ISAAC G. ESTES was born the 29th day of January 1843 in Cayuga County, NY. He enlisted Dec. 29th 1861 at Elmira, NY as a private in Co. H, 50th NY Engineers. June 1862 he was in hospitals at Harrison’s Landing and Philadelphia, PA with typhoid fever being confined about three months. Feb. 1864 he received a furlough for thirty day from Rappahannock Station, from whence he was honorably discharged from his first enlistment to reenlist as a veteran in old command. His battle record is, Yorktown, VA, Seven Days fight before Richmond, Second Bull Run, Fredericksburg, 2nd and 3rd engagements, Banks Ford, Mine Run, Rappahannock Station, Wilderness Campaign and Siege of Petersburg. He was honorably discharged June 30th 1865 at Elmira, NY.  At the engagements of City Point, Tree Creek and Hatcher’s Run, while building roads, entrenchments, etc, they were exposed to the fire of both armies. At Wind Mill Point on the James River they built a pontoon bridge nearly 1600 feet long in which they used 13 (should be 113) boats. They were in “Warrens Raid” in which the raiders started out with one day’s rations and were gone 13 days. They destroyed from 25 to 30 miles of railroad being constantly wet through, from a five-day rain. – ISAAC G. ESTES joined Gen. Mansfield Post No. 48 on June 18th 1898. Signed by – H. C. Bailey, Commander. – GAR48 p.69

H.M. Foote

H.M. Foote born in 1846 in Chemung Co., NY. Enlisted Jan. 1, 1864 in Co. A 187th Pa. Vol. Infantry as a private and was promoted to corporal. He was honorably discharged Aug. 5, 1865. His regt. joined the Army during its fight at Cold Harbor and served under Major Merrick. (See the bio about George W. Merrick)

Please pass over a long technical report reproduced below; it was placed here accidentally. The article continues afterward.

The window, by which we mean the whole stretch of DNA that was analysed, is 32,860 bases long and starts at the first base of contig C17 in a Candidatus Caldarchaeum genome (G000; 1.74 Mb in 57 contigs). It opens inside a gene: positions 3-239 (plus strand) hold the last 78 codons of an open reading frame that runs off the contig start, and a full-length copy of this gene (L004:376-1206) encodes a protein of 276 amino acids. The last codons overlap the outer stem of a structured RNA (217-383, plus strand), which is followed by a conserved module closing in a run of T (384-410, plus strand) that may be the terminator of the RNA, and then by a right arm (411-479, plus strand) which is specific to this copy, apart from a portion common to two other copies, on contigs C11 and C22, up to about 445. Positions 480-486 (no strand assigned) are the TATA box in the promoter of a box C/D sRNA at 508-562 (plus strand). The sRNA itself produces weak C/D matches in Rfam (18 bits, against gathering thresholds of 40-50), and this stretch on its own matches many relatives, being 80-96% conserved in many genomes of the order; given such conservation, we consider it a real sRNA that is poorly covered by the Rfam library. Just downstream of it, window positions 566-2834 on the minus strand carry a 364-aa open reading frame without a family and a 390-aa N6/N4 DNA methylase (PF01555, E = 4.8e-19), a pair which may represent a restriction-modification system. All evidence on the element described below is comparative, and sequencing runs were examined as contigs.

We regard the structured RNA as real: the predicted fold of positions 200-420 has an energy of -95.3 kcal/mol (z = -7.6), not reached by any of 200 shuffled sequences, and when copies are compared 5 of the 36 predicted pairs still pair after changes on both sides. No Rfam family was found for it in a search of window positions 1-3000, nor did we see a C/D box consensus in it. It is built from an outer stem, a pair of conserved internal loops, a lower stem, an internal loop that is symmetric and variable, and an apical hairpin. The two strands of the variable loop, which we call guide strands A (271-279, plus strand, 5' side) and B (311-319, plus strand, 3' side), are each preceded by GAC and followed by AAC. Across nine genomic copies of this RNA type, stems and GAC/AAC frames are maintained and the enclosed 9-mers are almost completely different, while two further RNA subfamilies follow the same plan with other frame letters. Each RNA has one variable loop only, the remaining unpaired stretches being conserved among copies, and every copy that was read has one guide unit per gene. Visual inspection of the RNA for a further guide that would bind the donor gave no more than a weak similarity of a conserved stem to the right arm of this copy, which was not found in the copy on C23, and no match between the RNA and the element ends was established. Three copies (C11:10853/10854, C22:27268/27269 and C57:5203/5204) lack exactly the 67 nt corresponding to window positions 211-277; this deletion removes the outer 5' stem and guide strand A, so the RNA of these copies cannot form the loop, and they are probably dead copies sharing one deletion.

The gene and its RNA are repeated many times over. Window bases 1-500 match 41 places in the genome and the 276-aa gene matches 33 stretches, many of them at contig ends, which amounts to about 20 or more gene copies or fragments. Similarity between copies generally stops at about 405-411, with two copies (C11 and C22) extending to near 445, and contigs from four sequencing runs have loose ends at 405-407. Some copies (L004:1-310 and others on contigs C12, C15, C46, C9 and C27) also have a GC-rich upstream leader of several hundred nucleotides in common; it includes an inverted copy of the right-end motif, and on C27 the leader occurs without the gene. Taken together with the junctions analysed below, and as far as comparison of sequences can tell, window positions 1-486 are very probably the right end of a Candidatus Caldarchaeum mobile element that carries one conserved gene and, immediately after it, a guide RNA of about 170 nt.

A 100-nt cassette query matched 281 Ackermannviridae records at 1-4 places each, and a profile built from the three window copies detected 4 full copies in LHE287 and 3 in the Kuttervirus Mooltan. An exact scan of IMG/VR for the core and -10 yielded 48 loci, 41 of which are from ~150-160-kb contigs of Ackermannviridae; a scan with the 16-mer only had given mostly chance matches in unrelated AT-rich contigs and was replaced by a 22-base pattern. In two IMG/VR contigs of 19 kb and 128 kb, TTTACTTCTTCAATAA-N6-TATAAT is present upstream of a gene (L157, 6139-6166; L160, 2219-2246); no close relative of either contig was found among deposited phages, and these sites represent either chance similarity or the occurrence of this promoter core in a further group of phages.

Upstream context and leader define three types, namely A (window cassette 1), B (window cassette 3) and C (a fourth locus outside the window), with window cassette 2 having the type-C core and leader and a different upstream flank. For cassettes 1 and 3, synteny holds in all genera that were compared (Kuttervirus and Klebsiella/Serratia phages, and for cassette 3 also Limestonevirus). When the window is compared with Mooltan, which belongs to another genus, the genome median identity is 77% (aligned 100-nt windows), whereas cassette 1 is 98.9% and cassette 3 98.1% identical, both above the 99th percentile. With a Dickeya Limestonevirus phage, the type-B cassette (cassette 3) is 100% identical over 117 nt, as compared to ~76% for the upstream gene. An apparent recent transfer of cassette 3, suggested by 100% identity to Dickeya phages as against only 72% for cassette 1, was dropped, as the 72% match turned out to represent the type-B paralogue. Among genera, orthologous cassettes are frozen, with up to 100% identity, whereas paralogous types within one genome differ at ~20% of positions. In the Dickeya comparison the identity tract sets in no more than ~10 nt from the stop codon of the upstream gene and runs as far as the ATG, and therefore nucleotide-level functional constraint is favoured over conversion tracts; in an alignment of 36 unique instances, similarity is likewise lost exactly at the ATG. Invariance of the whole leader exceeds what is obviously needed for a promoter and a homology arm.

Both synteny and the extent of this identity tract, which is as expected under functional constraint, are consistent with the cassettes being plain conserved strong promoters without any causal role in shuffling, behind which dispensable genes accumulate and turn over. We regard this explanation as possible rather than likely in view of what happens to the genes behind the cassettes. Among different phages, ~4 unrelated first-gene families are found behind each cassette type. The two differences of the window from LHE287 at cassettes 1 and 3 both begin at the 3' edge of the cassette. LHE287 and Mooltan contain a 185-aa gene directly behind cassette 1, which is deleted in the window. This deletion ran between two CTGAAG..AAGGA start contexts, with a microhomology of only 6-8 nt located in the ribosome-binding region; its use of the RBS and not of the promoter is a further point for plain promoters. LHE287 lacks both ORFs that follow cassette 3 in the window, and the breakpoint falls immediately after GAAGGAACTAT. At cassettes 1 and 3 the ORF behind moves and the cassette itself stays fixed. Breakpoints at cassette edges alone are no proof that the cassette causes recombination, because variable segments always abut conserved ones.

H.M. FOOTE was born in 1846 in Chemung County New York. He enlisted Jan. 1st 1864 in Co. A, 187th PA Vol. Inf., as a private and was promoted to Corporal. He was honorably discharged August 5th 1865. His regiment joined the army during the progress of the battle of Cold Harbor and on June 18th 1864 it took part in the assault in the works at Petersburg. The regiment being led by Major Merrick of Wellsboro who was severely wounded. At the funeral obsequies of President Lincoln this regiment was assigned to the head of the procession, on its way from the Baltimore depot to Independence Hall, and was left as a guard of honor while the remains laid in state with the First City Hall Troop. It was detailed to escort the remains from Independence Hall to the New York Depot. This regiment after the battle of Cold Harbor was brigaded with the “Bucktails Brigade”. Joshua L. Chamberlain Colonel and after Petersburg it took part in the desperate fighting of Weldon RR and Hatcher’s Run, and completed its term of service at Philadelphia, as stated above. His Company “A” was recruited in Tioga County and had as its Captain George W. Merrick, later promoted to Major of the regiment; 1st Lt. Cecil A Deane and 2nd Lt. Robert Young. When it was reorganized in March 1864 Company “A” contained less than 20 of the original company which was mustered in for six months service. – GAR48 p.115